The cable network took the unusual step Tuesday (Nov. 1) of announcing it wouldn't pick up "Over There," about a squad of inexperienced soldiers in Iraq. Typically networks don't choose to draw attention to shows that are being cancelled.
In explaining the cancellation FX chief John Landgraf takes pains to note that the "beautifully produced, acted, written and directed" show was axed solely due to the realities of the TV business, not for any creative reasons.
"That decision was motivated entirely by 'Over There's' ratings performance and our belief that the numbers were reflective of what the show is about, rather than its quality or entertainment value," Landgraf says. "While are passionately committed to fostering great television, we are an advertiser-supported network, and the size of our audience is vital to our bottom line."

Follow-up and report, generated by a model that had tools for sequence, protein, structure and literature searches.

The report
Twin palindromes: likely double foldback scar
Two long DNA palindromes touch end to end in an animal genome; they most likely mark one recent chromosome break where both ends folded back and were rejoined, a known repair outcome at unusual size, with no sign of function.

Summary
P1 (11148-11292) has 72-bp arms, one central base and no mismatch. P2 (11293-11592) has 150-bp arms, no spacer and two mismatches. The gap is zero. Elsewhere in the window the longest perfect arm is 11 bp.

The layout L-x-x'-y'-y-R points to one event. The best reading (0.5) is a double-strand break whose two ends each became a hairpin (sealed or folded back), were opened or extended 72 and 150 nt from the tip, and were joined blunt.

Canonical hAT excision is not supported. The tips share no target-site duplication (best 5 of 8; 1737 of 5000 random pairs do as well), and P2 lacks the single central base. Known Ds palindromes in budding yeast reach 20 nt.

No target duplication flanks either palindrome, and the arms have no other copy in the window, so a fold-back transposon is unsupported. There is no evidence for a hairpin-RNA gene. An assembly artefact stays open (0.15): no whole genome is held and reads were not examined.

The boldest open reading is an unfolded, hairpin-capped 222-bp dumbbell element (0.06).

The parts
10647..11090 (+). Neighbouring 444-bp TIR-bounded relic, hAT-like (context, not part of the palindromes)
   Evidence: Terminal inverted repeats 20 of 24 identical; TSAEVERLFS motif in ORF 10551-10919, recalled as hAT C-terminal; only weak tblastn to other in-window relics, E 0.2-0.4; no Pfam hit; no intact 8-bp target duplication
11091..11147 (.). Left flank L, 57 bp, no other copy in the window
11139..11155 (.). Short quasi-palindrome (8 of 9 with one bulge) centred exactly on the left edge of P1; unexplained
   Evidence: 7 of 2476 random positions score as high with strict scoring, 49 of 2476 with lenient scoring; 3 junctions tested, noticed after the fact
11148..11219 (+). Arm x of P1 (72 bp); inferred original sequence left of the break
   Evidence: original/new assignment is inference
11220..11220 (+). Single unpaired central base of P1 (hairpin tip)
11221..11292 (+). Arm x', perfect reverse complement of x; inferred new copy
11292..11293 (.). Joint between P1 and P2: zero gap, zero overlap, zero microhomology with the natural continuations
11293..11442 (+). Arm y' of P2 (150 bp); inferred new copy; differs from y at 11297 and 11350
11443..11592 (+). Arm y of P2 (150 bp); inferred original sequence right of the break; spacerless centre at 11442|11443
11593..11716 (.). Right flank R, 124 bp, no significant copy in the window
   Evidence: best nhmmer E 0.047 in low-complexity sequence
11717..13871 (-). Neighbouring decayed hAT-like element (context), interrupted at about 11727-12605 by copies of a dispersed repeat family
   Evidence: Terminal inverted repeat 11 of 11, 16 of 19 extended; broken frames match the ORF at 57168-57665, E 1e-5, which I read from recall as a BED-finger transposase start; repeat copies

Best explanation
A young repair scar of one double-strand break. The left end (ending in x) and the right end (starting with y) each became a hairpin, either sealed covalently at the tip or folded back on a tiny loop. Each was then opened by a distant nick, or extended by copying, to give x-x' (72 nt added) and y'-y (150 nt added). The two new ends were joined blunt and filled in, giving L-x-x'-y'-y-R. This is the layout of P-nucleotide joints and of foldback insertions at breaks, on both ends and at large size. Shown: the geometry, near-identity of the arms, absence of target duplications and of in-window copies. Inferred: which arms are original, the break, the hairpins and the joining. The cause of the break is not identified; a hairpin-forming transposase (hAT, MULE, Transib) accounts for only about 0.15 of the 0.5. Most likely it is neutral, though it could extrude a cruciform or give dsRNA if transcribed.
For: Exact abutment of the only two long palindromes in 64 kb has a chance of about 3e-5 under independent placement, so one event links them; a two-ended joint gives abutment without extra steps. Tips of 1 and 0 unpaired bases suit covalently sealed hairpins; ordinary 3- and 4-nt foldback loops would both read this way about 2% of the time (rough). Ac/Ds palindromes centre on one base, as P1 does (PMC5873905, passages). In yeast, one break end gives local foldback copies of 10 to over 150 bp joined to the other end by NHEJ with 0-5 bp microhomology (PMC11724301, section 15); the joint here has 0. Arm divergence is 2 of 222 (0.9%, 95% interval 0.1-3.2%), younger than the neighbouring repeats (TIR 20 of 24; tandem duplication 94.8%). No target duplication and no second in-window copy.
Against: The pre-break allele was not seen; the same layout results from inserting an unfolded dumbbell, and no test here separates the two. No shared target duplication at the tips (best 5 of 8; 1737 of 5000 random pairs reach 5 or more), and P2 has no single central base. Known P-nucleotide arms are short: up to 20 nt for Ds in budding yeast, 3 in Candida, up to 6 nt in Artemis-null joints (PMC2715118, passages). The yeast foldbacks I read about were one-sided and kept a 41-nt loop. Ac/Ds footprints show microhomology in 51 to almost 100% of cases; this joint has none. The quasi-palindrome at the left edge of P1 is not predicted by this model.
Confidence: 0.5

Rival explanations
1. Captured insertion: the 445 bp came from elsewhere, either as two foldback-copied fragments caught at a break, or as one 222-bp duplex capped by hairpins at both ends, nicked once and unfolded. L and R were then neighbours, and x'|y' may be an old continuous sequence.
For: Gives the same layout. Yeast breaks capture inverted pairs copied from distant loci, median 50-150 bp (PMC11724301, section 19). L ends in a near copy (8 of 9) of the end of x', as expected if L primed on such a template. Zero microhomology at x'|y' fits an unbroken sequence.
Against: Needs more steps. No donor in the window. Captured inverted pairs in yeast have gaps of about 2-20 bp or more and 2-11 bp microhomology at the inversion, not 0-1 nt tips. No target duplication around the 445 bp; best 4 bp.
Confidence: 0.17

"Over There" averaged 2.1 million viewers over its 13-week run, well below the levels of its other drama series. "Rescue Me" drew 2.8 million viewers per week this summer, while "The Shield" and "Nip/Tuck" each bring in more than 3 million.
After starting strong with an audience of 4.1 million people for its premiere, "Over There" dipped in subsequent weeks. It took a further hit over its final four episodes, when it aired opposite new episodes of highly rated broadcast-network shows like "CSI: NY" and "Law & Order"; during those four weeks it averaged only 1.6 million viewers.
Chris Gerolmo and Steven Bochco created "Over There," which was the first TV series to dramatize a war that was still going on while it aired. Landgraf also has kind words for them and "their immensely talented and dedicated team of collaborators, whose artistry was reflected in each episode."